Friday, March 25, 2011

Daddy Can Cook: Creole Smoked Sausage and Corn Chowder

I love to cook.  And one of my favorite things about cooking is trying out new recipes.  I get about six or seven recipes in my e-mail every day and keep about one or two a week.  When browsing one of my favorite websites,, I came across this recipe.  I found it intriguing, and have been looking for an opportunity to prepare it for some time now.

I always make a point of reading the comments that go with a recipe that I am going to prepare.  I find that if a recipe modification is mentioned more than a handful of times it is usually a good idea to make that modification yourself.  Fans of the Harry Potter series may recognize this as what I like to call the "Half Blood Prince" effect.

On the AllRecipes site they call this soup a "New Orleans Corn Bisque with Smoked Sausage".  But I disagree with that designation on two points.  First, a bisque is a thick soup made from strained or pureed vegetables or seafood.  A chowder, on the other hand, is a soup that is thickened with flour, usually cream or milk based.  Traditionally a chowder uses crushed ship's biscuit as a thickener, but I've always made it a point not to eat food that would otherwise outlive me, it just seems disrespectful.  Back to the point, this is a chowder and not a bisque as the original recipe claims.  Second I have no idea how the original recipe can claim "New Orleans".  I don't claim any Creole or Cajun ancestry, but neither can this chowder.

I got the opportunity to make this on Wednesday when I volunteered to bring in a dish to the weekly soup dinner our church hosts prior to each Lenten service.  I prepared it as a triple batch, but I'll translate it here to make 8 1-cup servings.

Creole Smoked Sausage and Corn Chowder

1 package (16 oz.) ring-style smoked sausage, cut into 1/2 inch slices. I cut mine into little half moons.
1 medium onion, chopped.
1/4 cup butter. You can use margarine, if you can live with the shame.
1/4 cup all purpose flour
2 tsp. Creole Seasoning. I don't plug specific products, but do yourself a favor and buy Tony Chachere's Creole Seasoning.  Trust me.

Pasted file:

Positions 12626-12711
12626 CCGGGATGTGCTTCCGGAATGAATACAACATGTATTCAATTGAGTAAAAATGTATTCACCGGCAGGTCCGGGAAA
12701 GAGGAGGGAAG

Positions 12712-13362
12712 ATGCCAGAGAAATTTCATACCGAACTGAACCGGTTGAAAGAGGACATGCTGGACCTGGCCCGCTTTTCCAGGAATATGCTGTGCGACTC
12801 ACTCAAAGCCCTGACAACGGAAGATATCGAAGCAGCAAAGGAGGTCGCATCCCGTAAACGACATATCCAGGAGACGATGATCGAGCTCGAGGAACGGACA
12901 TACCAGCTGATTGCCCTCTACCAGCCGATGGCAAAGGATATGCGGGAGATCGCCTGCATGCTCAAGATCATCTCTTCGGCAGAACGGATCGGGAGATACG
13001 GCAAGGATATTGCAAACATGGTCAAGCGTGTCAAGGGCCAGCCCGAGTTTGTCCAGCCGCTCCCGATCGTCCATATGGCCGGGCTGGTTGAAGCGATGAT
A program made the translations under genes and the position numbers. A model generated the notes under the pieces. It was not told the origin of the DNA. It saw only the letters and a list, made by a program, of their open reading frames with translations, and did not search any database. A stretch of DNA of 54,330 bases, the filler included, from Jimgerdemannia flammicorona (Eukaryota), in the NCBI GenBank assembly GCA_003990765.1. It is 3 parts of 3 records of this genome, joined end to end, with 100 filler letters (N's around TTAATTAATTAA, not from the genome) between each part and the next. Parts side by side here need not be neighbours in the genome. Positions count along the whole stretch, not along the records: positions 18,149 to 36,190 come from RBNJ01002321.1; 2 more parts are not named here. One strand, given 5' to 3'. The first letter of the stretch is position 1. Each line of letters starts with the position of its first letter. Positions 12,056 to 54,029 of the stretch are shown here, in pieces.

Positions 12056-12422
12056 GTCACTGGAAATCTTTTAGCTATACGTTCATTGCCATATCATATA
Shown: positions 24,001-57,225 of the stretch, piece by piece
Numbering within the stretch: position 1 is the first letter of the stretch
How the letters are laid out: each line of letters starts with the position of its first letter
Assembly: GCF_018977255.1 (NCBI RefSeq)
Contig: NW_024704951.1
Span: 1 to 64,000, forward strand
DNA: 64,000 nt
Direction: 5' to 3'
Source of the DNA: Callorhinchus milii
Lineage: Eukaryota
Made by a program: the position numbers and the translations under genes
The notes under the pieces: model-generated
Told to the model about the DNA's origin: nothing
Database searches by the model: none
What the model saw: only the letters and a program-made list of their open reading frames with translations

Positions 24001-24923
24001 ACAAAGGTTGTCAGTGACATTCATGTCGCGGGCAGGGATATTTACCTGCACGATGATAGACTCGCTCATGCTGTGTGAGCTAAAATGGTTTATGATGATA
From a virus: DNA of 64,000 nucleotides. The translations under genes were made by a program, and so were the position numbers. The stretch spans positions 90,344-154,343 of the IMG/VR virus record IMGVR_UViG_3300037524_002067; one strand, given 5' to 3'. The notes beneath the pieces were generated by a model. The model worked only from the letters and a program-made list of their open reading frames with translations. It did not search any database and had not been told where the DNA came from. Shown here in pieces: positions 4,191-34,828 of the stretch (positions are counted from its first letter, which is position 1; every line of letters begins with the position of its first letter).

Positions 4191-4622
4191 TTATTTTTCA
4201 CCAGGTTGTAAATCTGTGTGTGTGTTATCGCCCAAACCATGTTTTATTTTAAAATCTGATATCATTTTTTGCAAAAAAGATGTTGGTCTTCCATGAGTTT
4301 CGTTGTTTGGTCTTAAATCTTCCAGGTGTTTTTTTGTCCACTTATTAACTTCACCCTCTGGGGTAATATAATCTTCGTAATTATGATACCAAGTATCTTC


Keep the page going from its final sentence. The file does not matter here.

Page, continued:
1 can (14.75 oz) whole kernel corn.
4 cups milk
2 cups cubed potato (1/2 inch chunks). If you have red potatoes, wash them well and leave the skin on, otherwise peel them.

Do all your cutting and chopping beforehand, it will save you time and make the actual cooking so much easier.  I hate the sausage ends that are mostly casing anyway, so I used them to reward my chef's assistant for being such a pretty girl.
Yes you are. YES YOU ARE!
Melt your butter over medium heat and add the onions.  While the onions are cooking, brown up the smoked sausage in a separate pan. Cook the onions, stirring frequently, until they become tender and transparent.  Mix together your flour and Creole seasoning and pour over the onions.  At this point you're making a roux with the flour and butter which will be the thickening agent for your chowder.  This will get thick and pasty and you need to let it cook for a few minutes while stirring it constantly.  Then you add the milk.  At first the flour/butter mixture will form clumps but if you keep stirring it will smooth out and become a thick and creamy base for your chowder.  Constantly stir the mixture until it is boiling.  Pro Tip: milk does not boil like water, if it does that means you're scorching the hell out of your soup.  Once your milk starts steaming and becomes frothy at the top, it is boiling. Add your sausage, corn, and potatoes to the boiling chowder base and keep stirring as it returns to a boil.  Lower the heat and add Creole seasoning to taste.  Let it simmer, stirring occasionally, for 35 minutes or until the potatoes are tender.  Serve with chopped parsley and grated cheddar garnish. (I didn't do this, but I am usually very pro-cheese and pro-herb)

That is what I did and it made a pretty great soup.  I cannot vouch for it's Creole authenticity, but it is tasty either way.  When I cook this again (and I definitely plan to) here is what I will do differently:

Prepare a double batch.  It is absolutely a "better the next day" dish.

Use Andouille sausage. Adds another level of Creole authenticity, plus it is extra delicious.

Use half the amount of sausage and replace it with equal weight of peeled and de-veined shrimp. O hell yeah.

Use skim milk.  The roux will thicken it either way, and with the butter and sausage you don't really need the extra fat.

Add half again as many potatoes.  The potatoes do a great job absorbing the flavors and always bring a smile to these Irish eyes.

So that's about it.  If you do try this dish please leave a comment and let me know how it worked out, or let me know if you tried any successful recipe modifications.  Happy Cooking!

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